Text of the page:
The nature of this transition means that the investments that will be required are not evenly distributed. Some parts of the economy – sectors that themselves contribute to emissions like fossil fuel-based energy, or sectors whose products contribute to emissions, like the automotive sector – will have to spend more than other parts . There is still 10% of the economy where the supply chain is the biggest contributor to emissions. So if you think about it, the investment we need to make is not evenly distributed, it’s actually concentrated in certain parts of the economy. The same is true when we think of countries, where we find that emerging markets, as well as fossil fuel-based economies, are expected to spend around one and a half times or more than advanced economies both for their economic development, but also to build low-carbon infrastructure in the future. When we look at deploying this capital, there are different types of challenges that go well beyond the scale of the expenditure.

We shouldn’t view this expense as a cost – in many ways it’s actually an investment, it creates opportunities for growth and avoids the build-up of physical risk and reduces the chance of triggering the worst effects. most catastrophic of climate change. It’s also important to remember that the world may actually be able to afford it. From other research we’ve done, we’ve found that the global toll has tripled significantly over the past 20 years. And so there’s a whole bunch of capital that’s actually looking for productive uses. We have the financing capacity and many of these investments are paying off. It is important to think about collaboration between the public and private sectors, for example, to reduce the risk of some of these investments. We may also need collaboration between the private sector and financial institutions to manage some of this risk and help deploy capital. There is also a need to strengthen collaboration between stakeholder groups to direct capital flows to where they are needed, and we may also need to think about entirely new types of financial instruments, whether voluntary carbon markets to generate capital flows or special purpose vehicles to help decommission high-emitting assets, etc. We’ve talked a lot about the net zero transition about technological innovation. I also think that we need to think about other types of innovation, for example, business model innovation or innovation with financial instruments.

What steps can business leaders take now to ensure their businesses can sustain themselves and thrive during the transition?

The first thing companies should consider doing is to do a solid comprehensive assessment of the potential. Based on these assessments, [they can] develop plans both for decarbonization, but also to manage these risks and opportunities. Depending on the nature of the business, the focus may be on their scope 1 shows or their scope 3 shows. It may not be their own shows at all, but rather their business models themselves and the nature of their products. Doing the analysis indicates what is the most urgent action. If you think about both increased physical risk and the net zero transition, it’s very important for business leaders to realize that this actually affects every business decision a company makes, in one way or another. another, shape or form – how companies think about capital allocation, strategy, operations and supply chains, R&D. We have a chart in the report and in chapter five of the report that shows a set of about 20 to 25 different business decisions and how each of those decisions will change if the net zero transition is built into it. This will require entirely new capabilities in the organization to integrate climate into all of their decision-making.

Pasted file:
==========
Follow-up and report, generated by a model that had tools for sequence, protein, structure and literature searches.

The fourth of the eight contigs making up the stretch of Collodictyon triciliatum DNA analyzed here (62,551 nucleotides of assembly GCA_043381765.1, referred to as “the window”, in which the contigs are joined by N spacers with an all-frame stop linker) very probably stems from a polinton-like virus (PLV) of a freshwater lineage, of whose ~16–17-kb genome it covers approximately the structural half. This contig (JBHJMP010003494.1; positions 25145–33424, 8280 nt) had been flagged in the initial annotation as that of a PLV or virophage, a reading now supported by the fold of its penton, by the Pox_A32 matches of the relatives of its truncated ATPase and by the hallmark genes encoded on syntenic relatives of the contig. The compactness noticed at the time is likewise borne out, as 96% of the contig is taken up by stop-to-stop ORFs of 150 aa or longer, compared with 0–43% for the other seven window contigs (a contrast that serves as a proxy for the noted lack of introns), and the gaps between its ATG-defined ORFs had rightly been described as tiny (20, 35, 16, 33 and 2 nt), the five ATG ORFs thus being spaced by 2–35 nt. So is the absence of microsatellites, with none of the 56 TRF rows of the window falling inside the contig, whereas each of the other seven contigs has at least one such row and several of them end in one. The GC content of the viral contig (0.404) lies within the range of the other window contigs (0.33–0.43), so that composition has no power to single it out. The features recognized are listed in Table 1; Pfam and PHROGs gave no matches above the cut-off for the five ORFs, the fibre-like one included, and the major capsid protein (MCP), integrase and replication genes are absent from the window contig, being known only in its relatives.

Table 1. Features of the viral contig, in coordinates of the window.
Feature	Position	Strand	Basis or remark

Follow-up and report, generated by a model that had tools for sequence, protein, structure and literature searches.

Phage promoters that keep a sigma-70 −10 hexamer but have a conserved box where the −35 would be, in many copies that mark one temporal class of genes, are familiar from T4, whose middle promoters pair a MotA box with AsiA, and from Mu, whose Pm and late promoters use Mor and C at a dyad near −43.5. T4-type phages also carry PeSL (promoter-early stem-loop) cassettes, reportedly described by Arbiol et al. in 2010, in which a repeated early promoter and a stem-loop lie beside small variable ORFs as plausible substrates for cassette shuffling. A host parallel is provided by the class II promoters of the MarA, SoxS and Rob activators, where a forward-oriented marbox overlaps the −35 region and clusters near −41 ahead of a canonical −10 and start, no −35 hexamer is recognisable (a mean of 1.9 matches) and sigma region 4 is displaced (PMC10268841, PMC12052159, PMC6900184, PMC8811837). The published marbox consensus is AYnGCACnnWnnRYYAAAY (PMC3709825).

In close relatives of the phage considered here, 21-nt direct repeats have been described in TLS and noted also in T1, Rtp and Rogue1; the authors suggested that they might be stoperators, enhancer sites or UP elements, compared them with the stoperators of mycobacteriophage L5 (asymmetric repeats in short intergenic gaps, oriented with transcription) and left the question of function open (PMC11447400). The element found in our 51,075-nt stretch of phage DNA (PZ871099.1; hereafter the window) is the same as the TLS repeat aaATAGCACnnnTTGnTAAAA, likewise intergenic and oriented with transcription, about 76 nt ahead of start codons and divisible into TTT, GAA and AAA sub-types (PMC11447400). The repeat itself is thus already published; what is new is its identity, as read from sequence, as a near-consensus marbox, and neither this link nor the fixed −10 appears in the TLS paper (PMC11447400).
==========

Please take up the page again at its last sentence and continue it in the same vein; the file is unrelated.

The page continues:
So one of the questions companies need to ask is, for each function in the organization, do they understand how that function would evolve if climate considerations were taken into account? Our hope is that by publishing this kind of evidence base [report], it can lead, inspire greater and more thoughtful, more decisive action. We need this action for two reasons. One is, of course, the avoidance of physical hazards. The second, equally worrying in the short term, at least, is the risk of a more disorderly transition, where displacements and adjustments are not managed.

Dr. Mekala Krishnan’s responses have been condensed and edited for brevity and clarity.


on the horizon

The Danish Consumer Ombudsman publishes an English translation of its guide to greenwashing, which offers several examples of both accurate and misleading ways of marketing products.